We’re off overseas again but this time the children really are excited. After many years I’ve relented and said yes to the United States. NBA games for the boys! Harry Potter World for my daughter! Movie studios! The Seinfeld tour! ‘Finally we’re going to a place where they speak English,’ notes number three, the youngest and most phlegmatic. No one had to spell it out for Dad. They’ve never been this up about Italy, France, Holland, Germany, Hungary and all those other places filled with art galleries and museums staffed by people who speak non-English.

Sigh. Somewhere between my childhood and theirs, someone built a bypass. All roads no longer lead to Europe, but to New York. I played soccer, hoping to be the next Pat Jennings, and religiously watched Brian Moore present English soccer on The Big Match. Money from my paper round in Darwin was spent on second-hand Agatha Christies. But my 12-year-old, a Houston Rockets fanatic, can name the starting five for just about every NBA team, and checks the results every day on the internet — when he’s not watching The Simpsons or Modern Family. He has told all his friends about the games we’ll see in the US, but when I first took the children by boat around Amsterdam — look, guys, your grandparents lived close by these very streets when they were your age! — they were so bored they played Uno. I feel rejected.

The price of my surrender is that we first celebrate Christmas in Holland with my relatives. I can’t wait. It’s said the Eskimos have a dozen words for snow, being so familiar with the stuff. The Dutch, one of the most domesticated of peoples until recently, have their own almost untranslatable vocabulary to describe the various kinds of social cosiness they’ve long specialised in. Gezellig is the best of them, implying lots of cosy pleasantness indoors, with the easy familiarity Jan Steen famously captured in his paintings.

I expect that will make Christmas more Christmassy than last year, when we went to the source of it all. A Jewish taxi driver didn’t dare take us all the way into Palestinian-controlled Bethlehem, and it was raining to drown Noah. Soldiers ambled over Manger Square with that pregnant purposeless typical of overstuffed Middle Eastern security forces. The biggest icon was a three-storey high portrait of that kleptomaniac terrorist Yasser Arafat. Interesting it was. Christmas it wasn’t. ‘Happy Christmas,’ a wandering clout of local youths yelled at us.

To be frank, I am glad to leave Australia for a spell. There’s an unpleasantly strident tone to the political debate. A new viciousness. I know, I know — I’ve been right in there, too, hurling grenades and shouting of slush funds, spin and broken promises. I plead justification. I wouldn’t be so critical of Julia Gillard if there wasn’t so much to be critical about. I feel like the bloke who jumps in to wrestle the man-eating crocodile and comes out covered in mud. I blame the crocodile but I’m still dirty, and resent it.

Gillard is even busting up friendships. When I left the ABC’s Insiders two year ago to start The Bolt Report I parted with host Barrie Cassidy on excellent terms. Tears were shed. He said kind things about me and I wrote even kinder things about him to his boss. But now? I’ve been dismayed by Barrie’s open barracking for Gillard, and his airy dismissal of her disgraceful role in the AWU slush fund scandal. Is his friendship with Gillard’s boyfriend clouding his judgment? Barrie in turn has written of the public being ‘badly let down this year’ by pundits too critical of Gillard. Unlike me, he’s too nice to name names, but there aren’t so many anti-Gillard pundits around that he needs to.  Damn you, Julia Gillard! I need a new Prime Minister who — as Barrie’s old boss Bob Hawke once promised — will ‘bring Australians together’. Starting with Barrie and me.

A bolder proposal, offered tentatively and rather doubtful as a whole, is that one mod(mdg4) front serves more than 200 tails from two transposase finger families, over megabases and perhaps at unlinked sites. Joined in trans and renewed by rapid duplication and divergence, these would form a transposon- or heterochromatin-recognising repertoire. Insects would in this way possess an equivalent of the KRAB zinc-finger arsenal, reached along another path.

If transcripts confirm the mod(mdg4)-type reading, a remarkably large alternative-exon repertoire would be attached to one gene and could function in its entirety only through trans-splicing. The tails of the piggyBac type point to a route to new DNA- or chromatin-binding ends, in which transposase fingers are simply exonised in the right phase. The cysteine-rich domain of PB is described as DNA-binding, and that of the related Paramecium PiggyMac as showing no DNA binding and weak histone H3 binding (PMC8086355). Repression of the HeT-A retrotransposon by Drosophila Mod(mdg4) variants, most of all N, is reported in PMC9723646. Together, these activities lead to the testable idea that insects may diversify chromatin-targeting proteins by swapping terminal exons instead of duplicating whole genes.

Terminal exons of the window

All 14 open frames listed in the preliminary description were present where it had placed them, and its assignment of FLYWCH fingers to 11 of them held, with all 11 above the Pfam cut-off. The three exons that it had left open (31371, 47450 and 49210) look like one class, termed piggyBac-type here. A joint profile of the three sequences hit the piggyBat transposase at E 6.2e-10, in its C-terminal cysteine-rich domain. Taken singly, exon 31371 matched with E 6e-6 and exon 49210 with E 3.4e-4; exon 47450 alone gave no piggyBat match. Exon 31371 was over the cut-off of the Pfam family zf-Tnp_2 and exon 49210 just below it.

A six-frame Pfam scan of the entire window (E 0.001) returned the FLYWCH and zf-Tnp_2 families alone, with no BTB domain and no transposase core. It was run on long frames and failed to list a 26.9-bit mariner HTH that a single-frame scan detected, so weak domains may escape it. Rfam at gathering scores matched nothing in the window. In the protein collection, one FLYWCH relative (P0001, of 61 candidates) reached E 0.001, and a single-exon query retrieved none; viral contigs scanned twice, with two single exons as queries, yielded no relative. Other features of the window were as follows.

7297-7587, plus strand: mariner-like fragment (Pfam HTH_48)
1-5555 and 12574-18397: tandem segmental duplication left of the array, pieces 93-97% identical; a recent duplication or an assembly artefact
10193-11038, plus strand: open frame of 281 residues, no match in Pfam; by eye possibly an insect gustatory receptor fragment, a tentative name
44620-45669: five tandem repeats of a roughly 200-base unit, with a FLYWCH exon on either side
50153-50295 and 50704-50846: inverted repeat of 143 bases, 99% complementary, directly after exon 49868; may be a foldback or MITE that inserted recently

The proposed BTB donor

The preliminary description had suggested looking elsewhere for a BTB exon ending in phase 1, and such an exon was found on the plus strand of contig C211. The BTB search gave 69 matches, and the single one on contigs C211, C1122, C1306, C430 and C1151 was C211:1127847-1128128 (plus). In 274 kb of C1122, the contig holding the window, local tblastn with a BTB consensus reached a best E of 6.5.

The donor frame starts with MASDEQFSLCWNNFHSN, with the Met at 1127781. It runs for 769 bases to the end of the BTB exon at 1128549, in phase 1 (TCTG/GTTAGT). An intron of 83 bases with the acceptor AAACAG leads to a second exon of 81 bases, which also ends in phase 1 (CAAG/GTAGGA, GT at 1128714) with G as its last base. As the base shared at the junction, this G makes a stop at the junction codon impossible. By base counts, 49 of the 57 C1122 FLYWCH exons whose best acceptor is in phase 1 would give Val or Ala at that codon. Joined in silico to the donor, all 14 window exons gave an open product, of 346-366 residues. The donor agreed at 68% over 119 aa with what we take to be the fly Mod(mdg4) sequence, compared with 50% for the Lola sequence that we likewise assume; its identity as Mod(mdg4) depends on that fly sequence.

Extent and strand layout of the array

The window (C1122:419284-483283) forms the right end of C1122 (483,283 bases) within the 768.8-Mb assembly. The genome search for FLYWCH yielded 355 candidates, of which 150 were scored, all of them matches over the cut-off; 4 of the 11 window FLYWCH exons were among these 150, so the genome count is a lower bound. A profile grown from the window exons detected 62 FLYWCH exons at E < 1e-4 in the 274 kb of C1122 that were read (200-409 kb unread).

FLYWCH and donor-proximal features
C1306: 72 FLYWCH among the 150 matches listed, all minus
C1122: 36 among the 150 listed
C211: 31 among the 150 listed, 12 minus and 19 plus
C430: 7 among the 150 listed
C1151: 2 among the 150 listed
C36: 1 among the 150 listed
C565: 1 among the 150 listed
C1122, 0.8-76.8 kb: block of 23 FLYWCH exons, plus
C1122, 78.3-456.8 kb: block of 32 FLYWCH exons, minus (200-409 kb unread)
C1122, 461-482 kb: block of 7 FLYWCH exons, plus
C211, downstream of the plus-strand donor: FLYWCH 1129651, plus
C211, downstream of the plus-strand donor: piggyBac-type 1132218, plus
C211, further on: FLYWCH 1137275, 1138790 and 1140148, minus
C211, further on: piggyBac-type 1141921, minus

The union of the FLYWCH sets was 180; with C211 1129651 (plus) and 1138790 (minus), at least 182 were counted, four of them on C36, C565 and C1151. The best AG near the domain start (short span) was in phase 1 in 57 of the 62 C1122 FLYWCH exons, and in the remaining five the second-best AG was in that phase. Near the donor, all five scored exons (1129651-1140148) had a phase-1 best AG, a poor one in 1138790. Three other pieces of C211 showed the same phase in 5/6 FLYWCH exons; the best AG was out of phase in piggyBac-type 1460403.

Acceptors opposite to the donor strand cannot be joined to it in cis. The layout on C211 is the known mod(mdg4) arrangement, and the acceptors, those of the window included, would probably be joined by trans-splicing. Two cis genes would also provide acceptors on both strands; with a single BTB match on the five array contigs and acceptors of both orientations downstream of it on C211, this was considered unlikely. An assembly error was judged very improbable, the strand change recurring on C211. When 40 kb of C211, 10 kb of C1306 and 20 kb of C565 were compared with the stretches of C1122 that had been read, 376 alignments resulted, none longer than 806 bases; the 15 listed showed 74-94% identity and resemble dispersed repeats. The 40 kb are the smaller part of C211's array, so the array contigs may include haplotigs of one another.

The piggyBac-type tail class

While we’re away, builder Brett, his team and his dog will finish the new garage with a mini-flat above for our 18-year-old. It’s our cunning ploy to keep him at home while giving him more independence. Yet I again seem at odds with mainstream culture. It’s a feeling I often had as the son of migrants who ping-ponged around the more remote parts of Australia, and it got worse in some ways when I married. For instance, I actually loved my mother-in-law and found mother-in-law jokes — long a staple of Australian culture — a bit off. Today, stratospheric house prices have made a joke of the one million grown children who won’t leave the family home. They are the new mothers-in-law, and comic Trevor Marmalade has even made commercials for Lawson’s bread giving tips for driving them out of the nest. He’s from Dutch parents, too. He should know better.

I first lived in Holland as a 17-year-old and was soon checked by the remnants of the culture that had created such a bourgeois society. I was clipping my aunt’s hedge when pious Neighbour Nap approached, frowning: ‘Working on Sundays. We don’t do that here.’ This month three Moroccan teenagers from an Amsterdam club ended a soccer game by kicking a linesman, one of the dads, to death. The mayor of Amsterdam meanwhile unveiled a plan to exile anti-social citizens in public housing to what have been dubbed ‘scum villages’, where they’ll live in shipping containers and caravans. Holland is not quite so gezellig any more, and even my impeccably leftist relatives wonder if Holland’s flirtation with liberalism went rather too far. Of course, the mayor’s spokesman presented scum villages as an unimpeachably liberal scheme to defend, say, gays from ferals: ‘We want to defend the liberal values of Amsterdam. We want everyone to be who he and she is — whether they are gay and lesbian.’ I may have chosen the wrong place for a holiday from spin.